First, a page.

There are compelling signs that Trump proved to be a massive drag on Republicans, and that disadvantage could potentially increase as he wages a national reelection campaign, as House Democrats open multiple investigations into his administration, and as Mueller presumably wraps up his investigation into Russian interference in the 2016 election. Democrats flipped all but three of the 25 GOP-held seats in districts won by Hillary Clinton, felling battle-tested incumbents such as Carlos Curbelo in South Florida and David Valadao in California's Central Valley.

Emmer said his target list will include many of the 31 Democrats in Trump-won seats. He identified Oklahoma's 5th District, Illinois's 14th District, New York's 11th and 22nd Districts, and Virginia's 2nd and 7th Districts as some obvious offensive opportunities. However, the majority of Trump-district Democrats are in predominantly urban and suburban seats where the president's popularity has tended to sag.

He intends to effect some structural change within the committee to allow for more member input, particularly in fundraising and recruitment. And he described plans to further decentralize NRCC operations through more-robust regional leadership teams that could divide some operations based on rural, suburban, and urban areas in each region.

“We’re regionalizing the NRCC,” he said. “We’re trying to take it closer to the Main Street that it represents, closer to the members themselves.”

He has already involved Kevin McCarthy and Steve Scalise, the incoming minority leader and whip, in putting the NRCC leadership team together, and intends for them to participate heavily in fundraising and recruitment, comparing their roles to that of a board of directors.

“We’re asking them to be incredibly supportive of the program that we’re putting here, so they need to have ownership of it, and we’re trying to make sure that they feel like they have ownership of it,” Emmer said.

Other ideas include replicating the “suburban caucus” that former Rep. Mark Kirk of Illinois created in the mid-2000s, and forming NRCC teams to focus on Texas and California, where Republicans lost a combined nine seats.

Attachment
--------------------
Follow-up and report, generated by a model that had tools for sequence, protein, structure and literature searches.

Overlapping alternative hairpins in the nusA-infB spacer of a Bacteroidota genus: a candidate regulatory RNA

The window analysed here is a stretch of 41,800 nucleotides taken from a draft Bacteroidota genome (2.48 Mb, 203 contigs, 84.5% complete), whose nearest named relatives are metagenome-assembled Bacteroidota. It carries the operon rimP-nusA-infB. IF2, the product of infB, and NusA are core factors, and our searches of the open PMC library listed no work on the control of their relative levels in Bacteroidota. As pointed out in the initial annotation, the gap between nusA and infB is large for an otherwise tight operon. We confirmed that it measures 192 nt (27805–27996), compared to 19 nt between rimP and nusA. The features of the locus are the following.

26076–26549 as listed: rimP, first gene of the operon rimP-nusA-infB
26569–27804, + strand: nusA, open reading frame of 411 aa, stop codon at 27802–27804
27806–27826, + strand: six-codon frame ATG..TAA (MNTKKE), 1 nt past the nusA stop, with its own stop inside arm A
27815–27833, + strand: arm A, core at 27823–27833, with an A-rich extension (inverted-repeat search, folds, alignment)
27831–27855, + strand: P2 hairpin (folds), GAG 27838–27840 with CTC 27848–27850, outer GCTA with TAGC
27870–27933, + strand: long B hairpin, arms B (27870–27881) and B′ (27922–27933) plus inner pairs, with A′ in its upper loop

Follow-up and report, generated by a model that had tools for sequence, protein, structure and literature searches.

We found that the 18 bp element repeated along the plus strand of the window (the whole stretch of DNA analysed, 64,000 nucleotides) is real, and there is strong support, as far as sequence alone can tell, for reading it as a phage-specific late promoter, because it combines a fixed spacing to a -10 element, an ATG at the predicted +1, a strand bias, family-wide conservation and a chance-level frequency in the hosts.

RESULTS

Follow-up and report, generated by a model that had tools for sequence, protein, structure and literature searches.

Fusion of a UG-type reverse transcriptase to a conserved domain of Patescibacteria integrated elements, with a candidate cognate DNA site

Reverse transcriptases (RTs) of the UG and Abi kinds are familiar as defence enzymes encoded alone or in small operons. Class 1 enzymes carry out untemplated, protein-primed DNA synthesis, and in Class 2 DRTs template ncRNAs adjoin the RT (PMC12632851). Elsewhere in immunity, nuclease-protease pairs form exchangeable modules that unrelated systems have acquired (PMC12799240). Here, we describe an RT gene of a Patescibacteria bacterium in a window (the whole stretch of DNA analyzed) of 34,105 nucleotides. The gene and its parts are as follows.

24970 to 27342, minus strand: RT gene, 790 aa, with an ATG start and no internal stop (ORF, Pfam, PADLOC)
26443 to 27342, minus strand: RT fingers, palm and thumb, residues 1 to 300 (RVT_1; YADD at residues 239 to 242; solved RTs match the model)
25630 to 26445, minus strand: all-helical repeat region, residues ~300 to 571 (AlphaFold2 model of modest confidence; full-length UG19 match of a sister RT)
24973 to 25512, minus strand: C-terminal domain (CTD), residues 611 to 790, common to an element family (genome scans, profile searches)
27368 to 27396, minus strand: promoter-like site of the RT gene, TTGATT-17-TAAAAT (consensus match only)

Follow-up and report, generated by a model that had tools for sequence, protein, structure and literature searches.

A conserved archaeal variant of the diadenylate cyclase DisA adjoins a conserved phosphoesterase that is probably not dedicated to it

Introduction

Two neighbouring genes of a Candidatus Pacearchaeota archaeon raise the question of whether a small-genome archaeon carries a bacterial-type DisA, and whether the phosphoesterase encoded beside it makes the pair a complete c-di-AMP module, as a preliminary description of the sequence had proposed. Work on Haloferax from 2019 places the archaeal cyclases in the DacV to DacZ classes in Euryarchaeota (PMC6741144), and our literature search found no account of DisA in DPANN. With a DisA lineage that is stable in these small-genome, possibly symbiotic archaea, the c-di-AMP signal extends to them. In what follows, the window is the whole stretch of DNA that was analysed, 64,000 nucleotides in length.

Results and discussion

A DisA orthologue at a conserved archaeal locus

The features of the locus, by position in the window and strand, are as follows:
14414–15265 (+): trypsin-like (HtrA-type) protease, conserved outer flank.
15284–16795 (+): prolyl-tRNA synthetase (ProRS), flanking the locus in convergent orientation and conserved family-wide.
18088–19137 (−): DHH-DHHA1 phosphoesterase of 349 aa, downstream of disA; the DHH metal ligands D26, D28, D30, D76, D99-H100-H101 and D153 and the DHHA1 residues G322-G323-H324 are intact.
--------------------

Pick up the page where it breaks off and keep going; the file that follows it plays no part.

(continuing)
Republicans in the conference have called for an effort to match the success of ActBlue, the Democrats' online-fundraising platform. An in-house fundraising apparatus or an outside vendor could work, Emmer said, and members are already creating proposals.

They also want a review of the independent expenditure decision-making process. On calls to drum up support for the chairmanship, Emmer said he was inundated with complaints about the $5 million spent on TV ads to help Republican Rep. Barbara Comstock in Virginia. It was the committee’s largest expenditure in any district, and Comstock lost by 12 points.

But Emmer has a few messages for his fellow Republicans, too. He said they must work their districts, raise campaign cash, give him a heads-up if they plan to retire, and, despite complaints, pay their NRCC dues for the good of the party’s policy priorities.

“You’re contributing because you want the opportunity to govern, because you believe in our agenda and you believe it will improve people’s lives,” Emmer said. “If you truly believe that, then grab ahold of the rope and pull it with me, because it takes a lot of resources to get that thing moving.”
I think Republican candidates should follow Tom Emmer's advice and just spend all their time and resources talking with independents about Trump and his agenda and personality.

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OMG! The Problem Was White Evangelicals The Whole Time


It hasn't been uneducated white working class men per se who are the backbone holding top the Trumpist Regime... it's been evangelical uneducated white working class men. Keep this in the back of your mind: 45% of all white voters without a college degree self identify as evangelical Christians. Ron Brownstein revealed some fascinating exit poll data that shows the toxic role white working class evangelicals are playing in our politics. "Though Republican candidates almost everywhere registered large margins among white voters without a college degree," he wrote, "Democrats ran much more competitively among the roughly half of that group who are not evangelical Christians [and] particularly well this year among white working-class women who are not evangelicals, a group that also displayed substantial disenchantment in the exit poll with Trump's performance. Those women could be a key constituency for Democrats in 2020 in pivotal Rust Belt states such as Michigan, Wisconsin and Pennsylvania, where relatively fewer blue-collar whites are also evangelical Christians."
Nationwide, nearly three-fifths of blue-collar white women who are not evangelicals voted Democratic in last month's House races, while an equal number said they disapproved of Trump's performance in office, the analysis of exit poll results found. That was well over double the Democratic share of the vote among non-college white women who are evangelical Christians. And while Republicans last month still carried a majority among working-class white men who are not evangelicals, Democrats attracted about twice as much support from them as they did among the equivalent men who are evangelicals.

"It's another overlay to the conclusion that there are some parts of the white non-college population that are open to Democrats and can be moved a few points in your direction," says Ruy Teixeira, a long-time Democratic analyst of voting trends who now serves as a senior fellow at the liberal Center for American Progress.

...At issue is how much emphasis the party should place on trying to recapture white working-class voters as opposed to maximizing turnout among its new base of minority, millennial and college-educated white voters, especially women and those in urban areas.